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Antimicrob Agents Chemother. Sep 2001; 45(9): 2658–2661.

Integrons and Gene Cassettes in the Enterobacteriaceae


Integrons were detected in 59 of 120 (49%) urinary isolates of Enterobacteriaceae by PCR using degenerate primers targeted to conserved regions of class 1, 2, and 3 integrase genes. PCR sequencing analysis of the cassette arrays revealed a predominance of cassettes that confer resistance to the aminoglycosides and trimethoprim.

Dissemination of antibiotic resistance genes by horizontal transfer has led to the rapid emergence of antibiotic resistance among clinical isolates of bacteria (20). The spread of resistance genes is greatly enhanced when they form part of a mobile gene cassette, since this provides for horizontal transfer by several mechanisms. These mechanisms include (i) mobilization of individual cassettes by the integron-encoded integrase (9), (ii) movement when the integron containing the cassette relocates—probably by targeted transposition (6, 10, 19), (iii) dissemination of larger transposons such as Tn21 carrying integrons (16), and (iv) movement of conjugative plasmids containing integrons among different bacterial species. It is therefore not surprising that many of the antibiotic resistance genes found in clinical isolates of gram-negative microorganisms are part of a gene cassette inserted into an integron (21). The four classes of integron so far identified (classes 1, 2, 3, and 4) are distinguished by their respective integrase (int) genes (1, 18, 21). Class 4 is a distinctive class of integrons located in the Vibrio cholerae genome and is not known to be associated with antibiotic resistance (18).

Gene cassettes consist of a gene flanked by a recombination site, known as a 59-base element, which is recognized by the integron-encoded site-specific recombinase (IntI). Gene cassettes can exist as free circular molecules (9) and are transcribed only when captured and inserted into an integron, usually at the attI recombination site 104 bp upstream of the intI1 gene (13). New cassettes are continually being discovered, and now over 60 cassettes that confer resistance to a range of antimicrobial agents have been identified (14, 21, 23).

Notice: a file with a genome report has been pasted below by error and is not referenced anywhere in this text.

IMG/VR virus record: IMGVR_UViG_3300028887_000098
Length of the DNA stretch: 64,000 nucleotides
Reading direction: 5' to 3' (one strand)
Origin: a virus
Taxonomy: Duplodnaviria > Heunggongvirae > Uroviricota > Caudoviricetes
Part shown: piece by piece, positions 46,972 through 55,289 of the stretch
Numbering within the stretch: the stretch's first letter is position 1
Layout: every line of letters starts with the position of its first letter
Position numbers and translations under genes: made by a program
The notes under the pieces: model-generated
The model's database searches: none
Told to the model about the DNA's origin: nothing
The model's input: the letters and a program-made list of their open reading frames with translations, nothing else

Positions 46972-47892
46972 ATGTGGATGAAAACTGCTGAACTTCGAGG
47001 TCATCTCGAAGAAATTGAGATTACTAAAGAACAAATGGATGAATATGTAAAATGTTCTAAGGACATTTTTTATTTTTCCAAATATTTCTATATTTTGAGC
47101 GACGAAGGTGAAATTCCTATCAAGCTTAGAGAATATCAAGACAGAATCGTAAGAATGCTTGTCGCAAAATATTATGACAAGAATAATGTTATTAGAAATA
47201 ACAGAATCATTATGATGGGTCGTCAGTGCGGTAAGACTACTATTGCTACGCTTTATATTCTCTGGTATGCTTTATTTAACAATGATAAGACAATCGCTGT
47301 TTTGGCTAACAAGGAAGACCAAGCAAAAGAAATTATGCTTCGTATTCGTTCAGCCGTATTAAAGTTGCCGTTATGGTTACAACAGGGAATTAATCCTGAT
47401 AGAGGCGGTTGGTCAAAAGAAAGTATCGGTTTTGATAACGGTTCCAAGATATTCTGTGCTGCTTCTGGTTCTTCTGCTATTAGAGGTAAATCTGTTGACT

Despite the detailed understanding of the molecular relationship between gene cassettes and integrons (13, 21), there is a paucity of information on how widespread these elements are in a hospital setting. Only a few studies have suggested that integrons are widespread in both animal and human clinical bacterial isolates (3, 15, 17, 22). In this study we have determined the incidence of integrons and their class and characterized the cassette arrays in a collection of random isolates collected from nine clinical settings in Sydney, Australia.

Clinical isolates.

One hundred and twenty urinary isolates identified as belonging to the Enterobacteriaceae were studied. The isolates were randomly selected during a six-month period (August 1998 to January 1999) from patients in 46 wards of seven hospitals and two community clinics. These organisms were identified as Escherichia coli (n = 90), Proteus sp. (n = 13), Klebsiella sp. (n = 15), and Enterobacter sp. (n = 2) using standard biochemical criteria (2). The diversity of the 120 isolates was assessed by calculating Simpson's index, using identification of bacterial genus (n = 4) and antibiotic profiles (n = 52). The probability of selecting two strains at random from different genera with different antibiotic profiles was calculated to be 94.2%.

Antibiotic resistance profiles.

Sensitivity profiles were established by agar diffusion using the calibrated dichotomous sensitivity test (4, 5). Isolates were tested for susceptibility to a panel of 18 antibiotics, representing 11 classes (Table (Table1).1). Integrons were strongly associated with multiple-antibiotic-resistant strains, with integron-positive strains demonstrating a greater predilection for antibiotic resistance than integron-negative strains (Table (Table1).1). Ninety-seven of 120 (81%) strains were resistant to one or more antibiotic. High levels of resistance were found to antibiotics which have been available therapeutically for a long time including ampicillin (64%), sulfafurazole (59%), streptomycin (48%), tetracycline (39%), and trimethoprim (36%) (Table (Table1).1).

Association between antibiotic resistance and integrons in 120 isolates of Enterobacteriaceae

Incidence of integrons in 120 isolates of Enterobacteriaceae.

DNA was extracted from bacteria using standard techniques for the isolation of plasmid DNA, and integrons were detected by PCR with the degenerate primers hep35 (5′ TGCGGGTYAARGATBTKGATTT 3′) and hep36 (5′ CARCACATGCGTRTARAT 3′), which hybridize to conserved regions of integron-encoded integrase genes intI1, intI2, and intI3 (23). Fifty-nine of the 120 isolates (49%) were integron positive. The class of the integron was determined by analyzing integrase PCR products by restriction fragment length polymorphism (RFLP) following digestion using either RsaI or HinfI restriction enzyme (Table (Table2).2). Restriction analysis revealed that 36% contained a single class 1 integron, 3% contained two class 1 integrons (as determined by the presence of two class 1 cassette PCR products), 6% contained class 1 and 2 integrons, and 4% contained a class 2 integron (Table (Table3).3). In total, 58 class 1 integrons and 12 class 2 integrons were identified in 59 of the 120 isolates. No class 3 integrons were detected.